Other attempts have been made to aid the fisherman in transporting flies and leaders to the fishing site. Prior art of which I am aware includes the following:
Bagdonas U.S. Pat. NO. 3,039,226 entitled "Fishing Tackle Container;" Scott U.S. Pat. No. 3,464,143 entitled "Snelled Fishhook Receptacle;" Martinson U.S. Pat. No. 2,559,780 entitled "Artificial Lure and Leader Protector And Holder;" Roberts U.S. Pat. No. 2,763,957 entitled "Snelled Hook Container;" and Lampe U.S. Pat. No. 2,553,097 entitled "Leader Holder.
However, none of these prior art attempts has been successful in accomplishing the purposes and objectives of my invention, for reasons which will be apparent from the description of my invention, as hereinafter set forth.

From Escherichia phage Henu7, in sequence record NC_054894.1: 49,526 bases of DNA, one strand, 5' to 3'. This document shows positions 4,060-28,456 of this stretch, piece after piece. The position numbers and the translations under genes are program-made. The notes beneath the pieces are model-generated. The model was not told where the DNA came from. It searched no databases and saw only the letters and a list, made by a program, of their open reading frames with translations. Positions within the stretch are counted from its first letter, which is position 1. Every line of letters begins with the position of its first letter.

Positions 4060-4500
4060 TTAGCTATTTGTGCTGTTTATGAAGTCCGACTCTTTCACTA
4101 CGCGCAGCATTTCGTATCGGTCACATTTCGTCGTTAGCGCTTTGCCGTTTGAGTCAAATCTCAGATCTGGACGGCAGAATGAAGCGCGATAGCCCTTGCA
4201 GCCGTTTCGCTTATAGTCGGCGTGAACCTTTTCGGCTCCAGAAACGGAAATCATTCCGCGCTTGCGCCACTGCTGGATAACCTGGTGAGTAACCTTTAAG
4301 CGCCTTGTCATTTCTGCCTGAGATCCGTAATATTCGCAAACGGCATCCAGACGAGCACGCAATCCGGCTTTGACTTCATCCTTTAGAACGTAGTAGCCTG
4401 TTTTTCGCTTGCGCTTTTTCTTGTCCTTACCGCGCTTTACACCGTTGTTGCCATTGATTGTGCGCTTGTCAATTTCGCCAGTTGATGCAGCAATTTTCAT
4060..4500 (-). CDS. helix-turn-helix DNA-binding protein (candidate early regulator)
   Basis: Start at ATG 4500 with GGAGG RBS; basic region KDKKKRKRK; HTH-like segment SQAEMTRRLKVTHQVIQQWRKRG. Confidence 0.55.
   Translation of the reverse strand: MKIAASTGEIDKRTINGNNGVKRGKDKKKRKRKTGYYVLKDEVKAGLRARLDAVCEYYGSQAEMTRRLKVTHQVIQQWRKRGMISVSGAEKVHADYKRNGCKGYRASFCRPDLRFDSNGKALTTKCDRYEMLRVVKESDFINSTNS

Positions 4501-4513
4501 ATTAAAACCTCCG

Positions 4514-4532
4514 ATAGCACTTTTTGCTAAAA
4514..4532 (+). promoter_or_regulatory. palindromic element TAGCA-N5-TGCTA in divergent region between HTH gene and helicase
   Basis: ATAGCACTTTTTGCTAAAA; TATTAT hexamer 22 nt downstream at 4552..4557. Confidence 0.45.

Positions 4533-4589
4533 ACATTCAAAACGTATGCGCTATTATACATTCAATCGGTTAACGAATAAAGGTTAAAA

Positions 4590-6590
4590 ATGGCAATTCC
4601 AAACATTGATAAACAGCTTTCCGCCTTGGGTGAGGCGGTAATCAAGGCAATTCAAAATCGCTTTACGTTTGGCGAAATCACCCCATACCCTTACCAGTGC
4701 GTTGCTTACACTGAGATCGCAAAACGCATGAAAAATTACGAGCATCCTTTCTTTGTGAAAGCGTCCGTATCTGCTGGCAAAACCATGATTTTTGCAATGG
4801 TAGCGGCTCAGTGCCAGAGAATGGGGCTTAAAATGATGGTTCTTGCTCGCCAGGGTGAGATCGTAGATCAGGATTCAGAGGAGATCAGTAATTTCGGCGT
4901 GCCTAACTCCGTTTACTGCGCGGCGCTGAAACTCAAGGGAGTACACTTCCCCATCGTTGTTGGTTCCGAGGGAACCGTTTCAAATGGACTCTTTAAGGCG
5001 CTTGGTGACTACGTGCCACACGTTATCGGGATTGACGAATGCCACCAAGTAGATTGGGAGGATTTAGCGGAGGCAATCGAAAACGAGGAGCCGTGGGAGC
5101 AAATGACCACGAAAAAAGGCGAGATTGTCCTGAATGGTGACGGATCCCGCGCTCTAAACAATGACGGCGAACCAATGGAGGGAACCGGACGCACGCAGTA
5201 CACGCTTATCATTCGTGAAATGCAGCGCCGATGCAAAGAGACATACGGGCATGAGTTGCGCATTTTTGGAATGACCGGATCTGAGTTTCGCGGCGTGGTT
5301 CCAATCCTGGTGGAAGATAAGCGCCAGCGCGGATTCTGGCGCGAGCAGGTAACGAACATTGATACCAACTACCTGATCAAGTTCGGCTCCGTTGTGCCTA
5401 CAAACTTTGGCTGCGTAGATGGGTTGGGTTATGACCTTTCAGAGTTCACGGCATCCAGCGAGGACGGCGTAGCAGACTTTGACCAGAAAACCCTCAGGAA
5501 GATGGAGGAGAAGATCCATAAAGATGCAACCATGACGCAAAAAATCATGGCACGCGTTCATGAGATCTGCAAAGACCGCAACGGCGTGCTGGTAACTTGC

Referring now to the drawings:
FIG. 1 is an enlarged, plan view of one embodiment of my cartridge, with flies attached.
FIG. 2 is a perspective view of a cover for the cartridge shown in FIG. 1.
FIG. 3 is a sectional view, taken along line 3--3 of FIG. 1, but with the cover of FIG. 2 included.
FIG. 4 is a sectional view, taken along line 5--5 of FIG. 1, showing the manner in which the free end of the leader is retained upon the cartridge, to secure against unwinding.
FIG. 5 is a fragmentary, said elevational view, of another embodiment of the rim structure of the cartridge, showing a different means for engaging the leader (functioning as "stop" members to prevent the leader from slipping around the periphery of the cartridge) when the leader is sought to be wound around the track on the cartridge. Said alternate means consisting of stubs extending radially outwardly from the periphery, with leader securing holes being provided.
FIG. 6 is a view, partially in section and partially in side elevation, of the cartridge shown in FIGS. 8 and 10.